These data are made freely available to the public and the scientific community in the belief that their wide dissemination will lead to greater understanding and new scientific insights. The availability of these data does not constitute publication of the data. NOAA relies on the ethics and integrity of the user to assure that ESRL receives fair credit for their work. If the data are obtained for potential use in a publication or presentation, ESRL should be informed at the outset of the nature of this work. If the ESRL data are essential to the work, or if an important result or conclusion depends on the ESRL data, co-authorship may be appropriate. This should be discussed at an early stage in the work. Manuscripts using the ESRL data should be sent to ESRL for review before they are submitted for publication so we can insure that the quality and limitations of the data are accurately represented. Every effort is made to produce the most accurate and precise measurements possible. However, we reserve the right to make corrections to the data based on recalibration of standard gases or for other reasons deemed scientifically justified. We are not responsible for results and conclusions based on use of these data without regard to this warning.

Outlier flags:

Due to limited resources each aircraft profile of greenhouse gases is limited to one sample at each altitude which means that there are no duplicate samples to assess the precision of each measurement. While sampling and measurement errors can often be identified by the lack of pressure in a flask; low flow rates at the time of sampling or analysis or an acknowledged error at the time of sampling or analysis, there are often less definitive indicators of sampling or measurement errors that need to be noted. Based on our experience with the data we have created a second column flag that effectively scores each data point based on four factors; taken by themselves these factors may not indicate a sampling or measurement error, but when taken together may suggest errors. The four factors can be listed from least to most important.

  1. Other carbon cycle gases were outliers – The least important indicator is based on the idea that because other carbon cycle gases (CO2, CO, CH4 , SF 6, N2 O and H 2- CCG) are outside the normal variability observed for that site it is possible that the gas of interest (GOI) could be questionable. If this is the case we assign the GOI a 1 to the second column flag to indicate that other CCG gases from that same flask are “outliers”.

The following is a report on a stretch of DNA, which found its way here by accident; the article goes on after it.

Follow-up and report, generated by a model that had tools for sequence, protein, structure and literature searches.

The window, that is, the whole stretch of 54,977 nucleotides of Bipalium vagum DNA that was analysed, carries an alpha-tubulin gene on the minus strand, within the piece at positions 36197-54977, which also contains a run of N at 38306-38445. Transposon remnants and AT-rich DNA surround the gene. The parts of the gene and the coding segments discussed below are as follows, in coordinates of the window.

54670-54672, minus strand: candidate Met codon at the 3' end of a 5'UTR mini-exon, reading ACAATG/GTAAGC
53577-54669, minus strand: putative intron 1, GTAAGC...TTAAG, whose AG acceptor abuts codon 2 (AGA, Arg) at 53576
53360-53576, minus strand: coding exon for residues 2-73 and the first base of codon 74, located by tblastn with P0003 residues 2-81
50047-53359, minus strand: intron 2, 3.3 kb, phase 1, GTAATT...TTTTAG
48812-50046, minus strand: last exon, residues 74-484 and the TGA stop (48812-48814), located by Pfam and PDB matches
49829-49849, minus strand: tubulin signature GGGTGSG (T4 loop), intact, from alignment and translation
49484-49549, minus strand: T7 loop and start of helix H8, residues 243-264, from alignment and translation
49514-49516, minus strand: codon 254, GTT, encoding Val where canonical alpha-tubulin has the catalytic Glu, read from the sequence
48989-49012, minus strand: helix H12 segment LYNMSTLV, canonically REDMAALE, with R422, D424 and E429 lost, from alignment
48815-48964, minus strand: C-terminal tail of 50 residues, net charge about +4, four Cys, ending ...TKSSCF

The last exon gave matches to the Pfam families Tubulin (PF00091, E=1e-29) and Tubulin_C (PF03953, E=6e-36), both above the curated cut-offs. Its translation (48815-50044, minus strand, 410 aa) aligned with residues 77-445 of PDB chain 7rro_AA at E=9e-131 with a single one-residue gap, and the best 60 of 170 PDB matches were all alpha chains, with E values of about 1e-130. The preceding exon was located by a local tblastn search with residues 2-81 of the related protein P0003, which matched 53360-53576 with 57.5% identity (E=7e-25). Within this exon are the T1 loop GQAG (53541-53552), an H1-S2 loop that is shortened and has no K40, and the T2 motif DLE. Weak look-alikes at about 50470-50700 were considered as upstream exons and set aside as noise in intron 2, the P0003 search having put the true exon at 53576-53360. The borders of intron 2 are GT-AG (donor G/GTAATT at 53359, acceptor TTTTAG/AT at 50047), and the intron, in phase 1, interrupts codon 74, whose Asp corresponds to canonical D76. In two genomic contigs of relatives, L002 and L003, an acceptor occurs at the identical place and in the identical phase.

2. Gas of interest is an outlier – If the GOI is more than 3 standard deviations away from a function that fits the trend and the estimated seasonal cycle, an “O” (outlier) is added to the third column. If no other gases from that flask are flagged as outliers a 2 is assigned to the second column flag.

  3. Aircraft cabin contaminant concentrations are high – With more than an order of magnitude increase in concentration of Benzene, C 2H 2(Acetylene), and Halon-1211 (which collectively we will call HATS gases) in an aircraft cabin, these gases have become very important indicators of leaks in the sampling systems (PCP, 12-pack, inlet etc.). If any of these HATS gases have been flagged with a second column "N", indicating a suspected, but not confirmed, leak, we assign a 3 to the second column flag in the gas of interest.

  4. Suspect sampling error – The sampling log and first column "N" or "L" flags in HATS or other CCG gases (indicating a sampling problem, often due to a leak in the system) are believed to be a good indication that all trace gas measurements from that flask or set of flasks from a 12-pack are not valid. These samples are given a 6 in the second column suggesting that they should also be considered for a first column flag if they do not have one already.

Using these four factors a flagging system has been developed to indicate the potential for error in each sample. A numerical second column flag is automatically generated by software based on the criteria described above and summarized in the table below. A sample with a value of 6 or higher is re-examined individually to determine whether a first column flag is appropriate. If it is determined that that sample has been contaminated, a first column flag of "S" is assigned.

2nd Column
Flag Character
. Good
1 CCG outlier (3-sigma)
2 Gas of Interest (GOI) outlier (3-sigma)
3 HATS 2nd column "N" or "L" flag; suspect (but not definite) sampling problem
4 1 & 3: outlier in both HATS and CCG but not GOI
5 (1 or 3) & 2: outlier in GOI and another gas
6 Suspect sample: either from a log, or from a HATS or CCG gas 1st column flag "N" or "L" meaning there is a sampling problem
7 2 & 6 (outlier in GOI and suspect sample)
8 4 & 6
9 5 & 6 or "N" or "L" in GOI first column, indicating certain leak already determined to affect GOI.

This flagging system has been applied to the second column flags for each CCGG gas from 2004 to present.

For further information please contact:

Colm Sweeney
Aircraft Network Principal Investigator